Michael Thayer Christensen and Dr. Jeff Edwards, Physiology and Developmental Biology
According to the Centers for Disease Control and Prevention, Alzheimer’s disease – infamously known for its patients’ loss of memory and other intellectual abilities – is the sixth most common cause of death in the United States. Sadly this is just one of many ailments people experience that result in learning and memory loss. Why do so many suffer from these neurodegenerative states? One fundamental problem is that the complex learning and remembering process is not well understood. A specific brain region called the hippocampus is involved in short-term declarative memory; however, many of its intricate signaling pathways that mediate this phenomenon need to be further studied.
Current research suggests that the mechanism of learning and memory is mediated by changes at synapses between neurons, known as synaptic plasticity. Synapses can be strengthened, a process called long-term potentiation (LTP), or weakened, a process called long-term depression (LTD). LTP is associated with increased memory. Recently, an orphan GPCR was discovered named GPR55 that has great potential to be involved in learning and memory. Pursuing this possibility, my preliminary studies indicate that GPR55 is expressed within the hippocampus; however, the specific location and cell-types associated with this expression have not yet been elucidated. The goal of my project was to determine the specific location of GPR55 and the cell-types associated with its expression. Unfortunately, due to contamination with rtPCR and genotyping, the aforementioned results are still forthcoming. My report, however, will focus on experiments we conducted to examine the behavioral associations of GPR55.
Physiology: Coronal slices of GPR55 KO and WT littermate mice were made using a vibratome and after one hour underwent electrophysiological experiments. After a stable baseline was attained, slices were stimulated with a theta burst conditioning pulse using a bipolar electrode. LPI was used to activate GPR55. Behavior: Novel recognition tests were administered to KO and WT littermates. Mice had four 10 minute sessions in the same box, first day without any objects, second and third day were with three random objects, and fourth day one object was switched with a novel object. Time spent with each object was timed, time spent with the novel object was divided by total time spent with objects. Morris Water Maze tests were administered over 8 days, 7 days with the platform in one location and the 8th with the platform switched.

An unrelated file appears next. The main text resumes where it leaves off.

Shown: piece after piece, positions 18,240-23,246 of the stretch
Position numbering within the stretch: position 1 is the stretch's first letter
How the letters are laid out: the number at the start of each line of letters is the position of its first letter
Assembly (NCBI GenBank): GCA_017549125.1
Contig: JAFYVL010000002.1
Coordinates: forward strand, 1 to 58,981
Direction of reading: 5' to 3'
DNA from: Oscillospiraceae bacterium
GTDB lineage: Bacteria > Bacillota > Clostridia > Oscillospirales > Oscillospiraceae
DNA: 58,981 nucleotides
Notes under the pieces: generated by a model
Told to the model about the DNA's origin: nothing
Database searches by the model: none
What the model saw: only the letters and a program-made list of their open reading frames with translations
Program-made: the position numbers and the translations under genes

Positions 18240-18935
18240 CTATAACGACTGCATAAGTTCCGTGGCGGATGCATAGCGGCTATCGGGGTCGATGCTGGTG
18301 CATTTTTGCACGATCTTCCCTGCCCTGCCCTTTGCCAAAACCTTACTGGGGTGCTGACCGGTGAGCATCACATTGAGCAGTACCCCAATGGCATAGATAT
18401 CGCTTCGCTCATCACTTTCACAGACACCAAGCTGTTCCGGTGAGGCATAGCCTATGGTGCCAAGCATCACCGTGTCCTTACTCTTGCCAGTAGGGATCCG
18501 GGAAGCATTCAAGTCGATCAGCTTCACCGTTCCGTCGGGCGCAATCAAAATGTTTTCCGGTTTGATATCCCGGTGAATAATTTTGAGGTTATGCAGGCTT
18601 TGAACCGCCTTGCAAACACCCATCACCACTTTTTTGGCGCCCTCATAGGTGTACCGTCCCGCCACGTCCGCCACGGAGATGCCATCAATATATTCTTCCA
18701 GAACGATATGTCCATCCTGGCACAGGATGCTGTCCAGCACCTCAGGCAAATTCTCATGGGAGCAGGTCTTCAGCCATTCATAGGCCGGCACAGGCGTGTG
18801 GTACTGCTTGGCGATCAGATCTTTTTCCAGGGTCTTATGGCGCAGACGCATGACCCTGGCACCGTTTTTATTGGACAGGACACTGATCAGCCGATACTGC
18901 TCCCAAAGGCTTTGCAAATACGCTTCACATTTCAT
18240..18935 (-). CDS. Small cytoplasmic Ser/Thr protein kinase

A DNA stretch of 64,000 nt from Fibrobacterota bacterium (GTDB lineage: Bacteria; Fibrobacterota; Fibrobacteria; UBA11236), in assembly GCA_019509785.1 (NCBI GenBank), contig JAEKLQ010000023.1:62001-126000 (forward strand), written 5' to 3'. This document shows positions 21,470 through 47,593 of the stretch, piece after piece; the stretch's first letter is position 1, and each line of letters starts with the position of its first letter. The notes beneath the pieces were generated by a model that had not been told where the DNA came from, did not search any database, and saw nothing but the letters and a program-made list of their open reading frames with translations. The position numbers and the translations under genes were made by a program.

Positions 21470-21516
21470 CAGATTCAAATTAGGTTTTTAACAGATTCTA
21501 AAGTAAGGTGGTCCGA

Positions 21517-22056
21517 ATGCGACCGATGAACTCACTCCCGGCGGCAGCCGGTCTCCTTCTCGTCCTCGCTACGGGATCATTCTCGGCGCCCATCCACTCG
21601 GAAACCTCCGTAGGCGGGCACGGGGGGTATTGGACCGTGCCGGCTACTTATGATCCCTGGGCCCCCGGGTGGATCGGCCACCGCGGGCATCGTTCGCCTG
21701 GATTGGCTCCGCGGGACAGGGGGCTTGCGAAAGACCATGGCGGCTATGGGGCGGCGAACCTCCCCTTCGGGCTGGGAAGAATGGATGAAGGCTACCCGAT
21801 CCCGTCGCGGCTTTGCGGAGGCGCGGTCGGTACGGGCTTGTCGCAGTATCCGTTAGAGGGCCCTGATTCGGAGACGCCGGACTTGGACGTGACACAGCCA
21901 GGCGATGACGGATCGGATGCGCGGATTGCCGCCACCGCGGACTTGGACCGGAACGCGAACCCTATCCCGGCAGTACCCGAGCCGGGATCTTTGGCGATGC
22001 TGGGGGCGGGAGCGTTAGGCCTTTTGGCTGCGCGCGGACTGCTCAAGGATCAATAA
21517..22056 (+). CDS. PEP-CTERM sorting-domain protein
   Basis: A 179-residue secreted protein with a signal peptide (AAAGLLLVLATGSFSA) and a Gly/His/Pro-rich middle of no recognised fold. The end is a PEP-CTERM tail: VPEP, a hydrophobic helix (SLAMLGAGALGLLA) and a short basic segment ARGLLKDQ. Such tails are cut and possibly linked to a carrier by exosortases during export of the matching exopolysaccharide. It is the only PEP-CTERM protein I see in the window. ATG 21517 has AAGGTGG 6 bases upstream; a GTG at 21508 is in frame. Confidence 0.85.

Results & Discussion
Fig 1. GPR55 KO and WT littermates exhibit similar behavior in spatial navigation test. A.) KO and WT animals appeared to learn at the same rate to find a hidden platform in the Morris water maze, though WT mice were slightly, though not significantly, faster overall and had a lower failure rate (data not shown) during training. B.) When percent of time searching in the correct quadrant was analyzed between day 7 of training and reversal mice performed comparably (n=7 each).
Fig. 2. Novel Object Recognition behavioral data indicate that there is no difference in GPR55 KO and WT mice. Novel object data demonstrate that KO animals (n=14) and WT animals (n=9), spend the same percent of time with the novel object. Ref. index is the time with novel object/total time with all objects.
Fig. 3 The GPR55 agonist LPI induces enhanced hippocampal CA1 pyramidal cell LTP in WT mice, which is not present in GPR55 KO mice. A) In GPR55 animals LPI (2 μM; n=12) did not alter LTP compared to those exposed to ethanol controls (0.05%; n=9). B) In contrast LPI significantly (p < 0.05) enhanced LTP in WT littermate control (n=22) mice compared to ethanol controls (0.05%; n=23).
GPR55 is expressed in hippocampus of rats and mice. Cellular expression is currently being examined and appears to be rare in interneurons and more likely expressed by pyramidal cells. Application of the GPR55 agonist LPI (2 μM) to wild-type mice demonstrates a significant enhancement of LTP in brainslices. This LPI effect was not noted in GPR55 knock-out mice, which exhibit significantly (p < 0.05) smaller LTP than wild-type. Knock-out and wild-type mice did not differ substantially in the Morris water maze and novel object recognition behavioral tests. This suggests that GPR55 endogenously is not involved in learning and memory, but may under certain conditions that are as yet unknown. Additional behavioral assays are ongoing.
Future directions to investigate include: expression in CA3 and CA1 pyramidal cells by single cell qPCR, physiology of interneurons in GPR55 KO and WT animals with LPI, and differences between GPR55 KO and WT mice spatial navigation using radial arm maze technique.